Kathy and I put a coat of epoxy on the flip side of the six strakes we coated yesterday. Before we started, I had to do some fairly extensive sanding of a couple of the scarf joints on the first pair of strakes I joined. You'll remember that pair wasn't exactly showroom quality. Unfortunately, this was the #4 pair, which will be most visible as the top-most boards. But once again, this is all a learning experience. I quickly got the hang of things, and the later joints are pretty tight and clean. But those will be the ones most obscured by paint in the final boat. Total hours 6.00.

Sunday, November 20, 2005

Strake coating

It is usually good to have a boat that is waterproof. And in spite of using "marine" grade plywood, additional steps are required to make everything impervious to water. This includes coating most of the strakes on each side with two coats of unthickened epoxy. This is done to all but the bottom hull panel, and the number one strake, which will be covered with fiberglass later. And who better to coat the panels than my slightly OCD wife, Kathy? Her attention to detail will save lots of sanding later on, I'm sure. Actually, it was a group effort, with Kathy rolling on the epoxy, and me "tipping in" behind her, which means dabbing with a foam brush to remove bubbles. It was very easy to apply a thin coat, and avoid getting epoxy into the rabbet groove that will later be the joint between strakes when the hull is stitched. Also, I find the epoxy mixing budget mentioned in the book tends to be overly generous. What was supposed to take 16 ounces took us twelve. A hopeful sign that we won't run short of expoxy before the boat is finished. Total hours 4.75.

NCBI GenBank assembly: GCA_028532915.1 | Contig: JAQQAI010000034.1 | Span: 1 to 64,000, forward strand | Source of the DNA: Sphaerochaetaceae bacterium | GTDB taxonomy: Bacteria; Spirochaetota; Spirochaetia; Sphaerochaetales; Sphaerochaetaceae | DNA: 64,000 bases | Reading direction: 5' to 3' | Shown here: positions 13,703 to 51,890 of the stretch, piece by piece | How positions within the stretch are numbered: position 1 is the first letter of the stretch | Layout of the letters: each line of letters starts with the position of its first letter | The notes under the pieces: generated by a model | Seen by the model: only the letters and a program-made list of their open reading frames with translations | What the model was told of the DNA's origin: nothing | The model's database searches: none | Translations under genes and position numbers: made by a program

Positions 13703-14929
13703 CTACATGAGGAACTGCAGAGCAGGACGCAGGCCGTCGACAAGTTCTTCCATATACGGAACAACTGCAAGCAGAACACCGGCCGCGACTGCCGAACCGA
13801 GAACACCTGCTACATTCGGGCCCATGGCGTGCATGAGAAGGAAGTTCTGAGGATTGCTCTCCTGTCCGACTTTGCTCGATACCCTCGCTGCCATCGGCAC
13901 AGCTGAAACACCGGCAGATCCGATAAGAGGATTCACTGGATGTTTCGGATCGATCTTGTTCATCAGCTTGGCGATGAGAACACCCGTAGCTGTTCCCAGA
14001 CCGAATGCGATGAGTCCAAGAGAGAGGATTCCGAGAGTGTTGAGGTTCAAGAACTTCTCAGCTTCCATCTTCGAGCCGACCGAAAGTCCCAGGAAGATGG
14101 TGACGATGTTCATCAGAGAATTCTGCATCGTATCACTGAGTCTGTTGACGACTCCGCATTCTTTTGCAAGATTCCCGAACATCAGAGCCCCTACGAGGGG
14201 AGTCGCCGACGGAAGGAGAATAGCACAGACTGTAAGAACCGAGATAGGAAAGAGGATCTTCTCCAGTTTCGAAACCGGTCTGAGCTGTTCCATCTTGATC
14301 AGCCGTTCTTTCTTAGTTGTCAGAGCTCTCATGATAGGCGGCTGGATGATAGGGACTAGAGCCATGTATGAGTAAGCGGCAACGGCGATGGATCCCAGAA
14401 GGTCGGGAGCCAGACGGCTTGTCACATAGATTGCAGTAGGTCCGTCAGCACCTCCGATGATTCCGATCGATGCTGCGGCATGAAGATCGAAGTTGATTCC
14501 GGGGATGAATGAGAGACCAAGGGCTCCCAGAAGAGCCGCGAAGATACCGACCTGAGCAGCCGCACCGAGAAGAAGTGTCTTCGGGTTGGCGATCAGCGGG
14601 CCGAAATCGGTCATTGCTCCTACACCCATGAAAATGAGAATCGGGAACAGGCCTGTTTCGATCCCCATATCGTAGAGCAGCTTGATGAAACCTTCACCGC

Saturday, November 19, 2005

Luke, I am your father.

The process of bonding scarf joints is coming to a close. The final pair of side planks was epoxied this morning, and tomorrow I will do the bottom panel of the hull, which is a bigger job, and the alignment may be a little more complicated. After that, a laborious process of coating each piece of lumber with epoxy begins. Two coats on each strake, bulkhead, transom, and seat panel are needed to give the wood parts total waterproof-ness. A big part of the job will be sanding between each coat. This is necessary to produce a smooth finish when the assembled boat is painted and varnished. According to the kit instructions, the dust from sanding can be irritating, and the silica can be detrimental to health. So with a respirator to protect against dust, and a headset to cut the drone of the sander, I am ready to soon enter the next phase of boat building. Total hours 4.00.